Peter


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Re: the progress of the regular Lehmann dough for market
« Reply #18 on: March 29, 2012, 09:20:18 PM »
Peter,

What specific flour do you have in mind in the 12.5-13% range that I might have access to?  Would it be a bromated flour?  I ready donít think I  understand what you might be posting about because I donít think my Lehmann crust or my preferment Lehmann crust are chewy in my opinion and the crust is also soft in my opinion.  I really donít understand enough about what will be closer to the classic NY style dough made before high-gluten flour.  I think I can handle almost any hydration but worry about high a higher hydration dough will fit into using plastic bags to cold ferment.  I donít think I ever tried to cold ferment dough balls in plastic bags in the 65% range.  I am not proficient at all on the kind of dough you are posting about.

Maybe I am confused on what you are trying to tell me.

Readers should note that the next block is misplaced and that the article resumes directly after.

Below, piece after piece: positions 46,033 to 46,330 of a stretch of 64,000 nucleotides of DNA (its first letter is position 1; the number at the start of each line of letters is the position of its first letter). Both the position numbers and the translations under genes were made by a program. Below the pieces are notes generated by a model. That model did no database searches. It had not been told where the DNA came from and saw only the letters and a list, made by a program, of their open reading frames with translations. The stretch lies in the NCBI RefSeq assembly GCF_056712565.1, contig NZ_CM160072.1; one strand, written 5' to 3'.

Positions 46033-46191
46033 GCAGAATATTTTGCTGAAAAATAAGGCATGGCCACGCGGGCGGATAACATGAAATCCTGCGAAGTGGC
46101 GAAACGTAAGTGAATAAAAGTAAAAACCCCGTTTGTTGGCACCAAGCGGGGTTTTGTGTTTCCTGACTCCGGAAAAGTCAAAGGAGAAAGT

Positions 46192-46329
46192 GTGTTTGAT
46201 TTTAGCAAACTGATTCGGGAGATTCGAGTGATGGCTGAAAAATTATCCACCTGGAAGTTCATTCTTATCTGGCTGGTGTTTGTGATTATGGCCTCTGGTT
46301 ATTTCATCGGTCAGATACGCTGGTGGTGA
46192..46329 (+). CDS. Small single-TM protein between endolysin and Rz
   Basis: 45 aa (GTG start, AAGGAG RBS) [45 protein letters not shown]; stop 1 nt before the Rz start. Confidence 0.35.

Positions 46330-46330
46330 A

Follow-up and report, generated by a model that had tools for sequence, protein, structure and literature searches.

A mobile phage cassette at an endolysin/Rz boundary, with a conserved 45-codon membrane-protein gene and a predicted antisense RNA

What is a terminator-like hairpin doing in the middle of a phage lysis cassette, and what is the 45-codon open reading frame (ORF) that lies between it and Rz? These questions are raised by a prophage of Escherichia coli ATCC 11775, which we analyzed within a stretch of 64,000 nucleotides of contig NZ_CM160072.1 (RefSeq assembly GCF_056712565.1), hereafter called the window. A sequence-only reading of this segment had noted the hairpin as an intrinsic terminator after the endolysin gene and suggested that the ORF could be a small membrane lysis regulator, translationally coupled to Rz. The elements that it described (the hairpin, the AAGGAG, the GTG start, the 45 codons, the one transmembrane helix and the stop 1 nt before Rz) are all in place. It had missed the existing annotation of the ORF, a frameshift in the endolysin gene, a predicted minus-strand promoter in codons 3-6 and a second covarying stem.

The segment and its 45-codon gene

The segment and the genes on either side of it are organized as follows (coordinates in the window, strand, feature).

Norma
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Re: the progress of the regular Lehmann dough for market
« Reply #19 on: March 30, 2012, 10:10:00 AM »
Norma,

When I was talking about the medium-strength flours in relation to high-gluten flour, I was speaking generally, with an emphasis on the gradations in crust characteristics and features (including textural effects), flavor and color that one can reasonably expect going from a high-gluten flour to a slightly less strong flour. Had I also mentioned all-purpose flour, which was also used for classic NY style pizzas before high-gluten flour gained popularity, the same gradations of crust characteristics and features could be expected in relation to the stronger flours.